How to think through a decision

One way of looking at how we make decisions is called the ‘story model’, or ‘explanation-based decision making’. When we face a situation that calls for a decision, we recognise some of its elements from similar past experiences and we create a story, or explanation, about what’s going on and what will happen. We do this intuitively, without really thinking about what we’re doing, and based on our story and how things worked out in those similar past situations, we make our decision. This can happen quite quickly.

The trouble with that is twofold: sometimes our stories are less complete than we realise and sometimes we overlook differences between our ‘previous experience stories’ and the situation we’re currently facing. Then we make a poor decision.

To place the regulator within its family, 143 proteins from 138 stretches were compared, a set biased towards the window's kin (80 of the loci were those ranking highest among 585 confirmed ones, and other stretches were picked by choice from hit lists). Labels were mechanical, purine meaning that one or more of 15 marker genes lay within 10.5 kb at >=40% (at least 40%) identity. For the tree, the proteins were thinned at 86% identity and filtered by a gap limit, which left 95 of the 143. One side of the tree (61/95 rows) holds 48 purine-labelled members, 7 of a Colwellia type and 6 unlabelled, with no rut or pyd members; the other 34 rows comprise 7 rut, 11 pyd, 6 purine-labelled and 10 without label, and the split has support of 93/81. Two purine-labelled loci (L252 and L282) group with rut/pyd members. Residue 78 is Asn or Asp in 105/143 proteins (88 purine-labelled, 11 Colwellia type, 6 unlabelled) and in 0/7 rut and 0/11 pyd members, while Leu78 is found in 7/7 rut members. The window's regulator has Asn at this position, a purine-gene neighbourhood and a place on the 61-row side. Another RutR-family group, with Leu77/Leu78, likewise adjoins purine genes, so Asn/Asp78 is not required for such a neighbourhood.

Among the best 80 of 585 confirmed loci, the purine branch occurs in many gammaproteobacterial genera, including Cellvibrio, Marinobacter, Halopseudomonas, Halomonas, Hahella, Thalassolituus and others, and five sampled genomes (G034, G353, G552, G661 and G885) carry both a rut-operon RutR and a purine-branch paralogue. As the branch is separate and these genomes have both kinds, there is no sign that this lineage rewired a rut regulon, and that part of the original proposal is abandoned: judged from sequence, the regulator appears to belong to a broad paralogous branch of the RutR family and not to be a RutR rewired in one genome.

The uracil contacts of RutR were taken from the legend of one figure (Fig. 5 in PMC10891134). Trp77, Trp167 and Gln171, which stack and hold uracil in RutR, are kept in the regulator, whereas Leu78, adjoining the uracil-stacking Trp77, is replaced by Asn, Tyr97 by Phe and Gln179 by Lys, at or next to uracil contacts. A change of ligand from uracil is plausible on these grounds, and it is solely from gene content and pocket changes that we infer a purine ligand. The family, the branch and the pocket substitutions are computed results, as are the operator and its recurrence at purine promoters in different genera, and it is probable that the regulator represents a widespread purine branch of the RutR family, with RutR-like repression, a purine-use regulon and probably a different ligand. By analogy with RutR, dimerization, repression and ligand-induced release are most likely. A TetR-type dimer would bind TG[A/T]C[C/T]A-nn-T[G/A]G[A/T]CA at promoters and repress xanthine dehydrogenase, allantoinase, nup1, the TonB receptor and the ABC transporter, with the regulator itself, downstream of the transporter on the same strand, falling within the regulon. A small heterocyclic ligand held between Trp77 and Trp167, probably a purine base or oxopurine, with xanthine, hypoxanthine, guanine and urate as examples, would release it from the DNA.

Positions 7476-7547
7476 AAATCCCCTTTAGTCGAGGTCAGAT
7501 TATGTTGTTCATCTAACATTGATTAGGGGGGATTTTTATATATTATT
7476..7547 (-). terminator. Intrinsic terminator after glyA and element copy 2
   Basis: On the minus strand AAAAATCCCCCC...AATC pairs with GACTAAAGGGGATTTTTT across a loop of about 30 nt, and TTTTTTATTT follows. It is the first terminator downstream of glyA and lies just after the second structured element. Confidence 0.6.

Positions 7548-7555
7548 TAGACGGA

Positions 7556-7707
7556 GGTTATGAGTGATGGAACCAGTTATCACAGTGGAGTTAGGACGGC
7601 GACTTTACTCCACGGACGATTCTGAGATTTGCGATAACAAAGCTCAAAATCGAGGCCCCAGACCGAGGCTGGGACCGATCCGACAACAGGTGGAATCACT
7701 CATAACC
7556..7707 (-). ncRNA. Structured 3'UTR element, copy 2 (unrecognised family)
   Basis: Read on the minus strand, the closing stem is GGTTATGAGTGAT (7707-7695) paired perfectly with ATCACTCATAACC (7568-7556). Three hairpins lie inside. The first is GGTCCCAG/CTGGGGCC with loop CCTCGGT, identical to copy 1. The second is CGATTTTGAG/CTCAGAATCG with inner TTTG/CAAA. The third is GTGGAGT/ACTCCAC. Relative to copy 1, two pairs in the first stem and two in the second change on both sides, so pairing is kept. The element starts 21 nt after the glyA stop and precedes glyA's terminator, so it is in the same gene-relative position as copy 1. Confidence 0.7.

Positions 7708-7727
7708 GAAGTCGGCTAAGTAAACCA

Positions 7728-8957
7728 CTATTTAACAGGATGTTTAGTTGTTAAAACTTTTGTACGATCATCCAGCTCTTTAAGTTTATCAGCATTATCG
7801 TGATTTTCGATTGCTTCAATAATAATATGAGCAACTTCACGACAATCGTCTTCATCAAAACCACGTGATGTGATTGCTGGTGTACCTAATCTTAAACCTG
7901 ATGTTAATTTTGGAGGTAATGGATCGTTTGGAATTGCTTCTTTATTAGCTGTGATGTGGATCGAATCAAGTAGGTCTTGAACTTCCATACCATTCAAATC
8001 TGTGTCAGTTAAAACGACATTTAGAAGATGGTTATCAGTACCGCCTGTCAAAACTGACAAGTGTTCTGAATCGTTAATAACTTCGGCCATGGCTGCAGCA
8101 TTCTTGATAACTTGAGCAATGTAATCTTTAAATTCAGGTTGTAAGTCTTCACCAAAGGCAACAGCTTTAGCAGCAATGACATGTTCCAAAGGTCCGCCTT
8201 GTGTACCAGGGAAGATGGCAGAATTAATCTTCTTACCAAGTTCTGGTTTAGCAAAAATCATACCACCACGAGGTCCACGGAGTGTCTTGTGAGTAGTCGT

To avoid that, ask yourself a few questions:

  • What other information do I need?
  • Does any of my evidence or information conflict with other evidence or information or not make sense?
  • What other ways of looking at the information or evidence are there?
  • What could a different story, or way of looking at this situation, be? How does that compare with my first story?
  • What decision am I leaning towards and why?
  • What are the likely consequences of this decision?

Then it’s a good idea to write down why the decision you’re leaning towards is the best one, compared with your other options, along the lines of: Why is this a smart decision? (Yes, write it down.) This further helps you build a more complete picture of the situation and look at it from different angles and on top of that, it gives you more confidence in your decision.

When you think things through deliberately and thoughtfully like this, you generally make a better decision. Which, of course, saves time and tears in the long run.

Discussion questions

How does this compare with the way you usually make decisions?